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Legislative Assembly for the ACT: 2017 Week 03 Hansard (Tuesday, 21 March 2017) . . Page.. 800 ..

MS FITZHARRIS: I thank Ms Cheyne for the question. Indeed I can, and it is potentially a devastating effect. As members know, Canberra has a growing international reputation as a centre of excellence for higher education, research and training. Students in tertiary or vocational education and training benefit from studying at some of the world’s best higher educational facilities right here in Canberra. But the city also benefits from having students from around the country and around the world learn and live right here in our nation’s capital. An important part of their contribution is in supporting the city’s services sector, particularly on weekends and in the evening when demand in the hotel, retail and food beverages sector is high.

The 2014 Australian work and life index survey found that more than half of the surveyed participants in retail and food services worked weekends and evenings, citing penalty rates as being the greatest motivation for doing so and claiming reliance on penalty rates to support their living costs. This includes thousands of students here in Canberra. Many of these student workers are typically low paid employees who rely on minimum pay rates and rely entirely on penalty rates to top up their wages to a reasonable level. They often give up their weekends and work hard for penalty rates so they can support themselves and put themselves through university or a training course. If weekend penalty rates are cut, students will be significantly disadvantaged and will need to work additional hours in order to receive the same income. No doubt this will lead to less time for study and less time to spend with family and friends.

Madam Speaker, penalty rates are not red tape, as members opposite have previously described them. Penalty rates are a longstanding right for our workforce. That is why this Labor government will not accept any cut to penalty rates.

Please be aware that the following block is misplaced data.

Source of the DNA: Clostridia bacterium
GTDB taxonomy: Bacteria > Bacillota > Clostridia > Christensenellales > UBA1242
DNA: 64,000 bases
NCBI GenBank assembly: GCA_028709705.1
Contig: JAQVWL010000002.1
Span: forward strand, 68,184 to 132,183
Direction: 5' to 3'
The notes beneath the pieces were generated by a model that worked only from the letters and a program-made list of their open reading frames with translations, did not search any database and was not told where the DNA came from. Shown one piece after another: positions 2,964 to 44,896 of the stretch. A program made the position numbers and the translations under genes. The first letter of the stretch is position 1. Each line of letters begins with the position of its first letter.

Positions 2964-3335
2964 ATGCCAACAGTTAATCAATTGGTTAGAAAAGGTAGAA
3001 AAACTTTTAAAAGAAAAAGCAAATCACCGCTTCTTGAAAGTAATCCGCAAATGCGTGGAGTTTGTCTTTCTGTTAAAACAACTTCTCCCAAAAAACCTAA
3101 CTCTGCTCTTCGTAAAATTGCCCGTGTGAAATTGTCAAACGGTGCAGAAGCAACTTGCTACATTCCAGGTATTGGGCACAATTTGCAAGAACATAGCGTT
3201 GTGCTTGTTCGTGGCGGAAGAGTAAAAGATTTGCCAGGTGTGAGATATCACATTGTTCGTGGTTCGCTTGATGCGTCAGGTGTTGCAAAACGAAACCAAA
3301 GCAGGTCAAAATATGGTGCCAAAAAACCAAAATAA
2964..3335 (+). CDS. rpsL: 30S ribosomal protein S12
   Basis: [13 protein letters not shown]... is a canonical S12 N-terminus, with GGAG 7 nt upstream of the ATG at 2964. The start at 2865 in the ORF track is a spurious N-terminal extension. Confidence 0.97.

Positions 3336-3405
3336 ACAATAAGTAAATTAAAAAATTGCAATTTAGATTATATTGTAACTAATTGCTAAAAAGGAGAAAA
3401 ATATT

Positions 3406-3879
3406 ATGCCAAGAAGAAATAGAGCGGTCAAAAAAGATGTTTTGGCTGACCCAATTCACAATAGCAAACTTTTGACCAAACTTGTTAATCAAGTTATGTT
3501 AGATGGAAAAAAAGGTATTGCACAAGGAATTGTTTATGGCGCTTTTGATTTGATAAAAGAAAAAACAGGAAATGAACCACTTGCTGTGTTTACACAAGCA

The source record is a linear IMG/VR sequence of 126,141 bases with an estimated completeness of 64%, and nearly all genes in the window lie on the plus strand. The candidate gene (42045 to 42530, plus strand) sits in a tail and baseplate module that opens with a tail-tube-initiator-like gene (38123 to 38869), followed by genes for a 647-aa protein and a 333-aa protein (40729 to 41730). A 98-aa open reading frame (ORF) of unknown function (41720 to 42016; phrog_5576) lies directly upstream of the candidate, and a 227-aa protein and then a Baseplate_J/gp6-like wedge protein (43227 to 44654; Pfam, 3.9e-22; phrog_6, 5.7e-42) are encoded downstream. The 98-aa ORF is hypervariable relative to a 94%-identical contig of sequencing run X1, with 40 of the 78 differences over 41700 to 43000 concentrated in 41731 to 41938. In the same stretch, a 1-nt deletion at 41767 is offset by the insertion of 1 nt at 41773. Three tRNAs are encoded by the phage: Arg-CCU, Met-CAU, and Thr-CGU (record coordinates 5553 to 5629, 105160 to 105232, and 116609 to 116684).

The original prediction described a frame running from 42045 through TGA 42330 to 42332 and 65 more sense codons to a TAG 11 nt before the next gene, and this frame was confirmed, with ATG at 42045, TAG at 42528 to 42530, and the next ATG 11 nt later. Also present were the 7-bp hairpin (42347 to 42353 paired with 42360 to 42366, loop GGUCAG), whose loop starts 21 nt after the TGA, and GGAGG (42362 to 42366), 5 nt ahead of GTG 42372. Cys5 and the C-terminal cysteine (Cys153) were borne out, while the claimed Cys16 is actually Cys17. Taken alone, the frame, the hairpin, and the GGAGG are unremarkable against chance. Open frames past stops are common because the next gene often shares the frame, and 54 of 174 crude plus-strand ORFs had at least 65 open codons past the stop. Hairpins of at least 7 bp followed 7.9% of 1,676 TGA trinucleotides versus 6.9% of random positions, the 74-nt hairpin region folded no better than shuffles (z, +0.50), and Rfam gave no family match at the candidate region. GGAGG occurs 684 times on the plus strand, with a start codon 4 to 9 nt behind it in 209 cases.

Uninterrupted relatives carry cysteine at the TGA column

MS CHEYNE: Minister, what specific impacts will cuts to penalty rates have on international students?

MS FITZHARRIS: It is worth noting the specific impact that a cut to penalty rates will have on international students. Of course, we have seen examples across the country of international students having been subjected particularly to not only cuts in penalty rates but also non-payment of penalty rates at all. International students are expected to complete their course within the times specified in their visa, which requires them to enrol at a 100 per cent study load each semester.

There are more than 14,000 international students in Canberra. In addition, under most visas, international students can work no more than 40 hours a fortnight. What this means is that international students generally need to work on weekends when they benefit from penalty rates to top up their income.

The financial requirements placed on those seeking student visas are quite stringent, but research suggests that students are quite commonly given loans by their family members to meet the financial requirements to be granted a student visa to study in Australia in the first place. After approval of the visas, students are often required to return the borrowed money to their parents and their extended family.

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